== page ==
On Jan. 6, Hilary Izatt was watching TV when she began to worry.
"My husband and I are both political scientists; we're kind of nerdy; we watch C-SPAN a lot," Izatt says. "And when we were watching C-SPAN is when the rioters started breaking into the Capitol."
Izatt, 39, is a doctoral student in political science at the University of Michigan. She says her dad, who lives in Utah, had told her he was traveling to Washington, D.C., to join the massive pro-Trump rally planned for that day.
What she saw unfolding on the screen scared her.
A different — dangerous — reality
"I was mostly worried for his safety and I texted him and he got back to me and he just said, 'Don't believe everything you're watching on TV,' " she says. "So I don't believe like C-SPAN? I'm not sure what he meant by that."
"But it was this realization that I think we're coming from two very different realities."
Izatt's father declined to comment, but Izatt says she believes he was not among the group that stormed the Capitol. Still, she's uncomfortable with the idea that he was there that day at all.
Like Izatt, many Americans are feeling like they've lost loved ones to a web of conspiracy theories and false information circulating online. A recent NPR/PBS News Hour/Marist poll, for example, found that only 1 in 5 Republicans accept Biden's victory.
Ideas have consequences
"Beliefs are real in their consequences," says James Hawdon, director of the Center for Peace Studies and Violence Prevention at Virginia Tech.
He says the widespread acceptance of disinformation is not only divisive, but also dangerous for the country.
"We act on our beliefs. If you truly believe the country is under attack ... if this, of course, is not true ... obviously it poses a threat," Hawdon says.
People often latch onto pieces of misinformation that align with their world view, and gradually begin to accept even bigger lies, he says.
"You can get people to step, take small steps off the path of truth or reality or whatever you want to call it, more easily than taking a big leap," Hawdon says. "But once you've gone several yards off that path, then the big leap's pretty easy to make."
Those ideas often are appealing because they validate part of a person's belief system or identity, Hawdon says, and they're difficult to shake.
Lost in "La-La Land"
Dennis, a retiree from Maryland — who asked that we use only his first name for fear of his safety in the current climate — has grown increasingly worried about his daughter's embrace of false ideas about the election.
"She's talked about the election being stolen and I've pushed back on that – you know, the standard, 'Where's your proof? And how do you suppose this happened?' " Dennis says.
His daughter, Paula, lives near Baltimore and works as an office manager. In an interview with NPR, she says her father told her she was "in La-La Land, but I really don't feel that I am."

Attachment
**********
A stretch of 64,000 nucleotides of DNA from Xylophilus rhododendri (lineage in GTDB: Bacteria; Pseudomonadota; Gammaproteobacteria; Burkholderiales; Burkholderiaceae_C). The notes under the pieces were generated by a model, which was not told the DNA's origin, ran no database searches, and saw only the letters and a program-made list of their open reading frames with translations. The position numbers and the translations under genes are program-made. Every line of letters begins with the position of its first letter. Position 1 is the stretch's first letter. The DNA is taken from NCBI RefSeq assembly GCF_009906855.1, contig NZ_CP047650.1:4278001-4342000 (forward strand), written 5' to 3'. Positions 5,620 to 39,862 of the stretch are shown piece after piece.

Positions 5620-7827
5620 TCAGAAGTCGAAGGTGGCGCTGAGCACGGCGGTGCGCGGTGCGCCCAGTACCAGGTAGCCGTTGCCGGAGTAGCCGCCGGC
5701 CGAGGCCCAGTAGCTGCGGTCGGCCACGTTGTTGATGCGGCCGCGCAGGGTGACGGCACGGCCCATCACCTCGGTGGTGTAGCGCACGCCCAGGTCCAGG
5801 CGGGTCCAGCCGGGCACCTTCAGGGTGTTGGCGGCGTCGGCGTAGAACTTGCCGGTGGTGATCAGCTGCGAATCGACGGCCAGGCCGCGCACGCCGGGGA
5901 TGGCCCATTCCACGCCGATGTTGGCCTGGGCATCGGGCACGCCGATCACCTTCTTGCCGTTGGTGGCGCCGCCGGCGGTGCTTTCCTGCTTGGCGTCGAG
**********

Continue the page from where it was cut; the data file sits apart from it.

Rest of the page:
Paula says she's been a conservative all of her life. She says she distrusts elected officials and cannot believe Biden won — despite what many courts and elections have repeatedly confirmed — and regardless of what her dad said about her grasp of reality.
"I was a little bit irritated, but my response is, 'Well, I'm there with 70 million other people, then,' " she says.
Getting to the root cause
Hawdon, the violence prevention researcher at Virginia Tech, says one long-term solution could involve better education in data literacy to help young people learn how to sort through fact and fiction. In the short term, if a loved one is spouting misinformation, he advises pushing back kindly — and trying to understand what led to that belief.
"I don't really believe people started off believing that there are pedophile rings under a pizza place," he says. "Something got them down that rabbit hole and you have to understand what that root cause is."
Just as people often take small steps toward conspiracy theories, Hawdon says, they may need to gradually move away from them, too.
Deen Freelon, a journalism professor at the University of North Carolina at Chapel Hill specializing in politics and digital media, says a heavier hand is necessary in some situations.
"People don't understand that they have a problem," Freelon says. "A light touch is really not going to do it here; we really have to pull out all the stops because we've seen what happens when we don't."
Freelon says that may mean withholding contact for a while, or prohibiting grandparents who are condoning insurrection from spending time with grandchildren.
"People lost their lives," he says. "So this is really serious."
"Crazy ideas" with consequences
Hilary Izatt says she's unsure how to talk to her dad, but she anticipates some tough conversations.
"I think a lot of Americans are being forced to figure out what side they're on. Are you crouching in the Capitol hiding from rioters, or are you rioting the Capitol?" she says. "And I think that means it's gonna change a little bit the dynamic with my own family."
Amy Bruckman, a professor at Georgia Tech who studies social computing, says personal relationships can help squash conspiracy theories. But achieving that goal also will require continued cooperation from tech companies and leadership from elected officials, she says.
"I think a lot of these crazy ideas are a product of the time, and having national leadership normalize crazy ideas makes people more likely to accept them," she says.
It will take time, Bruckman says, but she's hopeful that, little by little, Americans will reject disinformation.
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